Before I dive into media, I’m going to list some real women with the reminder that they do exist and are worth looking at.
You don’t get any more real than reality.
Here’s some references to women in history, from a post made by Indiana Jen to Wikipedia, and we have the article, “Women Have Always Fought” by Kameron Hurley. Also this article talking about women in combat.
There are women combatants throughout history, and currently today, you can find them everywhere fairly easily. You just have to dig and not that hard. There are women who have been great at fighting, terrible at fight, middling, and just on the rolling spectrum. Every variety you want. You can find them.
Ronda Rousey is currently very popular in sports circles right now for good reason, however checking out the entirety of the women’s division of the UFC is a good idea because it’s fast access to looking at women who choose to participate in blood sport professionally. Gina Carano, Holly Holm, and others.
You can actually often find old videos of martial arts and other competitions from the Olympics, which have female divisions for most sports. These include fencing, archery, judo, taekwondo, etc. There’s information out there about them than you’ll get straight out of entertainment media, but it’s always worth looking to reality for comparisons with fiction.
Alien: specifically the first one for a look at characters who were written from the perspective of being entirely gender neutral in that they were all originally intended to be male. If you’ve never looked at it purely to watch how Ellen Ripley is very different from many of the female characters in the general media, it’s always good to start there.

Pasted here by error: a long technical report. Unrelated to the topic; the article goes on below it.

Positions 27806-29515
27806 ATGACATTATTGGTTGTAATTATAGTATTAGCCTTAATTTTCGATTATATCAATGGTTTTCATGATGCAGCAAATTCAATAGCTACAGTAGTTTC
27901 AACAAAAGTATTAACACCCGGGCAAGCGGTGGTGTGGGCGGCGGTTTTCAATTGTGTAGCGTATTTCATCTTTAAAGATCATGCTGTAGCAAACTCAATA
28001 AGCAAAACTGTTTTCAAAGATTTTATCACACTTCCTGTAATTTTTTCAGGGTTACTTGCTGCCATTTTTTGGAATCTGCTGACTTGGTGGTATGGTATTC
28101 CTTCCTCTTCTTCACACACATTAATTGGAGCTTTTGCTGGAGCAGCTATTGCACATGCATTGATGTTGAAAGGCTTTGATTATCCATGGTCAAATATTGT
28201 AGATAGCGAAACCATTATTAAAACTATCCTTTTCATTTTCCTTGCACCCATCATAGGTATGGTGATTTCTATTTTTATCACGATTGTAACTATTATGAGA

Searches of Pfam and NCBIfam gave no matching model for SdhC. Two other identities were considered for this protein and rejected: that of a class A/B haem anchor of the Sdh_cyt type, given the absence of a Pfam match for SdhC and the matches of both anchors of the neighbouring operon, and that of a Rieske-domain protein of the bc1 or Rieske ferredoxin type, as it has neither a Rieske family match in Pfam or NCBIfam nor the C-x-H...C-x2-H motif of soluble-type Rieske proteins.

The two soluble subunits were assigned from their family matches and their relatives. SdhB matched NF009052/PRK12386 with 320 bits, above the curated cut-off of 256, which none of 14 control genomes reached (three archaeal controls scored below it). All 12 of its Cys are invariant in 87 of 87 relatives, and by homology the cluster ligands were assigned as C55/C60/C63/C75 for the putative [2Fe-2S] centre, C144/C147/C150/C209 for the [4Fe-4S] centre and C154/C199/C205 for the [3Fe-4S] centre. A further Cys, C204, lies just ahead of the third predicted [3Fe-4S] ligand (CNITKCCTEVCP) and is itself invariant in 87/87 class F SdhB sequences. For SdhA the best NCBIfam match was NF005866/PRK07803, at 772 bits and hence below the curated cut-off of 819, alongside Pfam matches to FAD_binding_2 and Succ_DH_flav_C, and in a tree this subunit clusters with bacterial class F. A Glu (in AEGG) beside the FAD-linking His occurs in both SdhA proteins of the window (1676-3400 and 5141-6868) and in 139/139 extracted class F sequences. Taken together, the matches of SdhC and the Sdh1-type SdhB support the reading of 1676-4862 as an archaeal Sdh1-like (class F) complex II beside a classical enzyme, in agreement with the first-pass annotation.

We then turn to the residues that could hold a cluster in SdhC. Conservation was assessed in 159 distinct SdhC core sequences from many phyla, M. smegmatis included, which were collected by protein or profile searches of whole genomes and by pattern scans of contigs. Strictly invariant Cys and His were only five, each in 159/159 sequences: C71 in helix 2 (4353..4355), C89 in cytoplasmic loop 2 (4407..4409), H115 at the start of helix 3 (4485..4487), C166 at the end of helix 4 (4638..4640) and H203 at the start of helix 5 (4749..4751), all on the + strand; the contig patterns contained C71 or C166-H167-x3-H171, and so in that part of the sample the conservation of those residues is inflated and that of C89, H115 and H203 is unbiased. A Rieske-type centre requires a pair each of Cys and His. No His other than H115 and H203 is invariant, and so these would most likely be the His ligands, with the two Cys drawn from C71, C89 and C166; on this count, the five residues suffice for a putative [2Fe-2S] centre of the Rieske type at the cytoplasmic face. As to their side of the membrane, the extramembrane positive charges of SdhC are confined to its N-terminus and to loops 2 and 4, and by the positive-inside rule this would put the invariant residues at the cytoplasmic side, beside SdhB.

Aliens: Ellen Ripley returns and this time she’s written from a more traditional perspective as a mother bear. However, holding her in contrast to the hyper-masculine Vasquez is very interesting. Both are fascinating characters in their own right and the movie is a fun time if you can handle a little horror.
Terminator 2 (and Terminator): In Terminator, Sarah Connor is the quintessential horror movie heroine in need of rescue and the transition from that to her Terminator 2 persona happens in the last five minutes of the movie. However, it’s worth watching and looking at. Sarah Connor is an excellent example of a female combatant in 2 and fully ripped.
Farscape: All female characters on Farscape, not just as combatants but in general. Aeryn Sun is the standout for female combatants and the Peacekeepers are interesting in that they are entirely gender neutral. She’s a good character to look at if you want one that’s been raised for war since birth and still trying to figure out the other particulars. Aeryn establishing her own identity outside her role as a Peacekeeper is a huge part of her arc.
Battlestar Galactica (The Remake): There are a bunch of really, really, really fantastic female characters to dig through on this show and the creators went specifically out of their way to play with concepts of gender with Starbuck. You want to see a very masculine, aggressive female character utilizing a lot of flaws that are traditionally masculine then watch Starbuck and compare her to the above. It has it’s flaws, but it’s on point most of the time.